Photo courtesy of Living the Gourmet

While New Jersey is home to one of the best old-school boardwalks in America, the state also has a detailed history with blueberries. Hammonton, New Jersey, is touted as the blueberry capital of the world, and New Jersey as a whole is one of the top 10 blueberry producers in America. For this reason it’s only fitting that the Garden State’s most iconic dessert is blueberry pie. This recipe turns the treat into mini blueberry pies that can serve 16 people.

For the Blueberry Basil Hand Pies recipe, click here.

New Mexico: Biscochitos

New Mexico: Biscochitos
Photo courtesy of Mccormick

The most iconic dessert in New Mexico is biscochitos, which was introduced to the state by Spaniards in the 16th century and became the official state cookie in 1989. Bischochitos embody the key components of grandma’s cooking, like baking from scratch and not shying away from ingredients like lard and anise. If you're short on time but still want the flavor of biscochitos, try making these anise cookies, they take just 10 minutes to prepare.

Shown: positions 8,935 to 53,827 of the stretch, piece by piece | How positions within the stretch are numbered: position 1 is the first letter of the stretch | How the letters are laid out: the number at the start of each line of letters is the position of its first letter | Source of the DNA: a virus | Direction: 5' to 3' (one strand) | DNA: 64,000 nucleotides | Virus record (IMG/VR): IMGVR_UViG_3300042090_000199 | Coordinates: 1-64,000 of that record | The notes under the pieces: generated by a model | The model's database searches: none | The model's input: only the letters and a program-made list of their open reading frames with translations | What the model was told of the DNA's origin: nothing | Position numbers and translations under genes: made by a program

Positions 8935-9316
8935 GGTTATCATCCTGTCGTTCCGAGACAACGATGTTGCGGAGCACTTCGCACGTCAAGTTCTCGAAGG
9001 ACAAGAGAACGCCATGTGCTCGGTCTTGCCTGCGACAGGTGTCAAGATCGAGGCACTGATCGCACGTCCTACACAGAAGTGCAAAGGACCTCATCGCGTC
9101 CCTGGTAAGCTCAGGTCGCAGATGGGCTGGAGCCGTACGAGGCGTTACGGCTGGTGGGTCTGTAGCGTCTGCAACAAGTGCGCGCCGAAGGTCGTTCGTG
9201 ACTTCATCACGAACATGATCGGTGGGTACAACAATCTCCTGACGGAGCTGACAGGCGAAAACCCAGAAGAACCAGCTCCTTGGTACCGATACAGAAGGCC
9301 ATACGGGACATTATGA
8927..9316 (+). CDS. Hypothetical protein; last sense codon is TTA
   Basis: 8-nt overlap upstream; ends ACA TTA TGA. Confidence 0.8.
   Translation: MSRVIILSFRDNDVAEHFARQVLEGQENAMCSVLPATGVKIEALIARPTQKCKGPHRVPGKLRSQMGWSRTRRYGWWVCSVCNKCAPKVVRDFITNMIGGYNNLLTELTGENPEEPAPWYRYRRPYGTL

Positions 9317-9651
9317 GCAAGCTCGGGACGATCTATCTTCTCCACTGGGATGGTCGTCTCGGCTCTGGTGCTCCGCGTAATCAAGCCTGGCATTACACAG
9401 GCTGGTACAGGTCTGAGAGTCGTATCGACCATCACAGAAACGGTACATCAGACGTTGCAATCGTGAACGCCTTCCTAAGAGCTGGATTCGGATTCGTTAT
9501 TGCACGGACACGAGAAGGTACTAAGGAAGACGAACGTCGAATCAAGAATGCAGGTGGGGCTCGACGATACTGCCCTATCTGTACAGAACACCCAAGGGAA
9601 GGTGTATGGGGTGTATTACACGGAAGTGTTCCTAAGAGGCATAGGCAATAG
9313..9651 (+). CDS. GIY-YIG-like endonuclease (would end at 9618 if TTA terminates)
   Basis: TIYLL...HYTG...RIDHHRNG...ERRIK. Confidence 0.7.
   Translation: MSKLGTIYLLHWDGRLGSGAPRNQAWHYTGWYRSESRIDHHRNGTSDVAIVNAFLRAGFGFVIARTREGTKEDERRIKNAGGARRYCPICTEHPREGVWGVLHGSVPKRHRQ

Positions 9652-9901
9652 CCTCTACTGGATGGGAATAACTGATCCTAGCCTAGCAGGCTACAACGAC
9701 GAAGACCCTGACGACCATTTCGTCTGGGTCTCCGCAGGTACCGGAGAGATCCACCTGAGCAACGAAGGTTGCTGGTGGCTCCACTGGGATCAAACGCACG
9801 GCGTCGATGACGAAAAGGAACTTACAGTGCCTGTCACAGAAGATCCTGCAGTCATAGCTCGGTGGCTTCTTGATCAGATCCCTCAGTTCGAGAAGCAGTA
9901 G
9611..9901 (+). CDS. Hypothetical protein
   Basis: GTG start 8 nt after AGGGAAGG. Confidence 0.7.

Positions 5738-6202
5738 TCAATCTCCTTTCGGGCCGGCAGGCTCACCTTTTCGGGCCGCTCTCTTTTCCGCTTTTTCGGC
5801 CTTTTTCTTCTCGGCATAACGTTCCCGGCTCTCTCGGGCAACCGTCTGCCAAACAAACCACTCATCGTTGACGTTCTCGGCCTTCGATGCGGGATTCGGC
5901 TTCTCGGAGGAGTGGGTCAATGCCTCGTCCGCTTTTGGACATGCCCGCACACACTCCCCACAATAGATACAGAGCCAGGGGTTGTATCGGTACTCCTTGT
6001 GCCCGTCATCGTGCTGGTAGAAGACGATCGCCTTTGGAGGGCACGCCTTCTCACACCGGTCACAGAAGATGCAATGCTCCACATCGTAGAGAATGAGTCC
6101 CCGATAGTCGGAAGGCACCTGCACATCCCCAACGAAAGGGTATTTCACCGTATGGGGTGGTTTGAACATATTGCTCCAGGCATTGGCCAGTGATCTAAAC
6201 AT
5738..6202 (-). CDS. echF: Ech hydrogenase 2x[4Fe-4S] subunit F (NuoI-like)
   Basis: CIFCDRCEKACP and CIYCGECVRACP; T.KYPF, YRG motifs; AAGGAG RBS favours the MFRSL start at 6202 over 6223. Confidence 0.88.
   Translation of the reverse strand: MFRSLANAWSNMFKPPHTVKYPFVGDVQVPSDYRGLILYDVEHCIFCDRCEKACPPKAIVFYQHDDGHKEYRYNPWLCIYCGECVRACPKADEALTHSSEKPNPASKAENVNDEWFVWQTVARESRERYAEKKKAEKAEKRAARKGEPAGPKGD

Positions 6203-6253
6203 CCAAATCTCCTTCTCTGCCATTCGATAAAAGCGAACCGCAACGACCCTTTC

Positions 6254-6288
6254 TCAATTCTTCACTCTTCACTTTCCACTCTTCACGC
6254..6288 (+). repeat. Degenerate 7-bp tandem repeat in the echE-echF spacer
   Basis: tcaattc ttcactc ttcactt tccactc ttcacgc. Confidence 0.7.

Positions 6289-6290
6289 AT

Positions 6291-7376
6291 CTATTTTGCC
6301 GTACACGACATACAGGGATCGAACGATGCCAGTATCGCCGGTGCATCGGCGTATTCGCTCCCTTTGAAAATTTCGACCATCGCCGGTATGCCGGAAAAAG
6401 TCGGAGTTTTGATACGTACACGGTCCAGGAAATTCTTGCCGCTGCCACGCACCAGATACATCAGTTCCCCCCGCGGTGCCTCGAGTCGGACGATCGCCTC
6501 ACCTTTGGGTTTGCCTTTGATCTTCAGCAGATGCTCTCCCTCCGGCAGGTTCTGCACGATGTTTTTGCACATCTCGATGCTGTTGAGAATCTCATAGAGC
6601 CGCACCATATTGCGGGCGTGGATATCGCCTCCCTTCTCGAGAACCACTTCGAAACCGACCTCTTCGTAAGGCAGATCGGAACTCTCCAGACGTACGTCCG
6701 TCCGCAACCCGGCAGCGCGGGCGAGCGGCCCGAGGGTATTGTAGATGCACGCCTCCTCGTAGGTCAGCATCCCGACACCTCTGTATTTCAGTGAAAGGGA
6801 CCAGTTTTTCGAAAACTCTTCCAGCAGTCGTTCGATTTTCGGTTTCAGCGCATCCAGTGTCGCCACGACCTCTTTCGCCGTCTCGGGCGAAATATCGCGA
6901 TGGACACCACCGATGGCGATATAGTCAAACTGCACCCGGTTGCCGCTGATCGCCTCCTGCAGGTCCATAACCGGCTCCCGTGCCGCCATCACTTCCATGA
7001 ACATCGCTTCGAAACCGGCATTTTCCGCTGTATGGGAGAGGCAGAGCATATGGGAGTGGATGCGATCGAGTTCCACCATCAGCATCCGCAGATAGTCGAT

For the Easy Anise Cookies recipe, click here.

New York: Cheesecake

New York: Cheesecake
Photo courtesy of McCormick

New York is so obsessed with cheesecake that the state has its own way to serve it: dense, with cream cheese and served without fruit. Making this recipe at home is a great way to celebrate the history of the Empire State and to really put your baking skills to the test.

For the New York Style Vanilla Cheesecake recipe, click here.

North Carolina: Sweet potato pie

North Carolina: Sweet potato pie
Photo courtesy of McCormick

While you may be used to sweet potatoes being served as a side dish during weeknight dinners, in North Carolina the veggie shines when baked into pie. North Carolina has been the No. 1 sweet potato producing state in the U.S. for nearly 50 years.

For the Sweet Potato pie recipe, click here.

North Dakota: Chippers

North Dakota: Chippers